If ever there was a symbol of Robinhood traders, beleaguered car-rental company Hertz (NYSE:HTZ) would be it. Hertz stock defied convention, as it unexpectedly spiked soon after the company filed for bankruptcy protection. While the firm itself has laid out 18 specific reasons why its stock has become a risky bet, investors are still piling in and out of the shares in impressive numbers.
Now Hertz stock is down more than 70% from its June highs and some may be considering snapping the stock up in case it pops again. As the car company proved over the past few months, anything is possible, but betting on HTZ stock now is a risky prospect that’s likely to leave investors with little to show for it.
Hertz Admitted that Its Stock is Risky
Listening to pundits debate the merits and downfalls of a stock is one thing, but watching the company itself wave the caution flag is quite another. Back in June, Hertz tried to conduct a stock offering to capitalize on the growing interest in Hertz stock and dig its way out of debt. In the process, the firm disclosed 18 potential risks for those wishing to own the shares of the company.
The offering never went ahead, but for those thinking about buying Hertz’s stock, the list offers a unique opportunity to see what management believes are the biggest risks to the share price going forward.
None of the warnings was a surprise. Among them were the fact that bankruptcy restrictions will impact the firm’s ability to make strategic decisions and that drawn-out bankruptcy proceedings could further damage its ailing business.
But it helps to see in black and white just how risky the stock is. Take, for example, the fact that Hertz’s management warned that the firm may not survive bankruptcy proceedings, in which case Hertz stock would be worthless.
The Best-Case Scenario Is Bad
Even if Hertz is a shining example of how to restructure and use bankruptcy protection to revive a business, its shareholders are taking on a lot of risk for not much reward. As the firm mentioned, there are several scenarios in which Hertz stock will become worthless or lose much of its value. But if the firm is able to come back with a fresh slate, it still faces an uphill battle.
For one thing, the car-rental sector will be in trouble for at least as long as the airlines are. By most estimates, air travel will return to pre-pandemic levels in 2023 in a best-case scenario. That means there will be less demand for car-rental services over the next few years; that’s not an ideal environment for a company emerging from bankruptcy.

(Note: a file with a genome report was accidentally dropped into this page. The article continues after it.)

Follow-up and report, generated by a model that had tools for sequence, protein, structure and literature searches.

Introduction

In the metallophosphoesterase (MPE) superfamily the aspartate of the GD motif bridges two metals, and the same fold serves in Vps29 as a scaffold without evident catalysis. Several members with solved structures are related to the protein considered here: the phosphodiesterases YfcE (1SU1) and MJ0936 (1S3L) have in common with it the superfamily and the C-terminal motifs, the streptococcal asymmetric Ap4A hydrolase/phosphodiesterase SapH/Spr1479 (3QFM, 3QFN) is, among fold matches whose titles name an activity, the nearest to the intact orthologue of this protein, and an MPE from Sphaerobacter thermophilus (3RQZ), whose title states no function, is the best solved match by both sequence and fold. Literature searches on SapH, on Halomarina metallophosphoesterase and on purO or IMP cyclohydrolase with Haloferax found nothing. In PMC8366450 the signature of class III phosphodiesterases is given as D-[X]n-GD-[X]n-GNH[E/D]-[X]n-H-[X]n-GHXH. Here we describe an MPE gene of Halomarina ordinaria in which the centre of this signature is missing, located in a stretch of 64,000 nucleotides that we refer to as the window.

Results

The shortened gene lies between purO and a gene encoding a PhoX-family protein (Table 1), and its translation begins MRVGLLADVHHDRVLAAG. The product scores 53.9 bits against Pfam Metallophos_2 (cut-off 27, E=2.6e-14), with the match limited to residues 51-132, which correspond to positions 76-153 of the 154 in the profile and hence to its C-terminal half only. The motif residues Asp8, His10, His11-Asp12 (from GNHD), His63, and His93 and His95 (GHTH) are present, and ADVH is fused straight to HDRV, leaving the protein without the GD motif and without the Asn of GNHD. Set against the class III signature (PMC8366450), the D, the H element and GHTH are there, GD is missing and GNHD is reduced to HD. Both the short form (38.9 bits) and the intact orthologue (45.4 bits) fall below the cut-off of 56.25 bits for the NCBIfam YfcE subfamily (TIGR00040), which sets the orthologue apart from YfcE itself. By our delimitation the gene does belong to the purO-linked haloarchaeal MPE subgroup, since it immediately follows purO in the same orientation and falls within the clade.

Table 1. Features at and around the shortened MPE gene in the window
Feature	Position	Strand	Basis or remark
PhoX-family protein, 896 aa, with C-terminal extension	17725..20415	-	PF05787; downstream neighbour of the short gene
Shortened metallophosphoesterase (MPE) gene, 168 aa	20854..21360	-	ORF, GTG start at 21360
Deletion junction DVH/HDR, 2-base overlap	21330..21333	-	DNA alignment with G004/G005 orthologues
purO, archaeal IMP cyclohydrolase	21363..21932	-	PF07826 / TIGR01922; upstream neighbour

On top of that, Hertz’s ability to make smart, potentially risky decisions during this crucial downturn will be limited because of the firm’s bankruptcy filing. The company will likely have to pay off some of its debt that’s not covered by the Chapter 11 filing, so it will still be burdened with repayments. It will also be exiting bankruptcy at a time when the car-rental market is struggling.
Hertz’s Gain Is Also Its Pain
This week, the firm revealed that it would sell more than 182,000 of its rental cars in order to cut its debt by more than half. The firm owed roughly $11 billion to lenders that financed its fleet, but that figure will fall to under $5 billion. Another reason for the reduction was due to the ballooning used-car market, which has exploded over the past few months in the wake of the pandemic.
But that doesn’t necessarily mean that Hertz is out of the woods. The reason many people are snapping up used cars is that they don’t want to use public transportation. Of course, rental cars aren’t necessarily public transportation. But the need for them is heavily dependent on people needing a car when they travel.
If people are buying cars in order to travel to nearby destinations, they won’t be flying or taking a train and renting a car when they get to where they’re going.
The Bottom Line
There are a lot of companies battered by the pandemic whose stocks will jump if their businesses are rejuvenated in the future. Hertz isn’t one of them. Of course, there’s a chance the firm will be able to recover if the U.S. economy can return to normalcy in the near future.
But as it stands, the demand for rental cars looks likely to remain depressed at least through 2021. With that in mind, there are certainly better places for investors to deploy their capital that aren’t weighed down by so much risk.
Laura Hoy has a finance degree from Duquesne University and has been writing about financial markets for the past eight years. Her work can be seen in a variety of publications including InvestorPlace, Benzinga, Yahoo Finance and CCN. As of this writing, she did not hold a position in any of the aforementioned securities.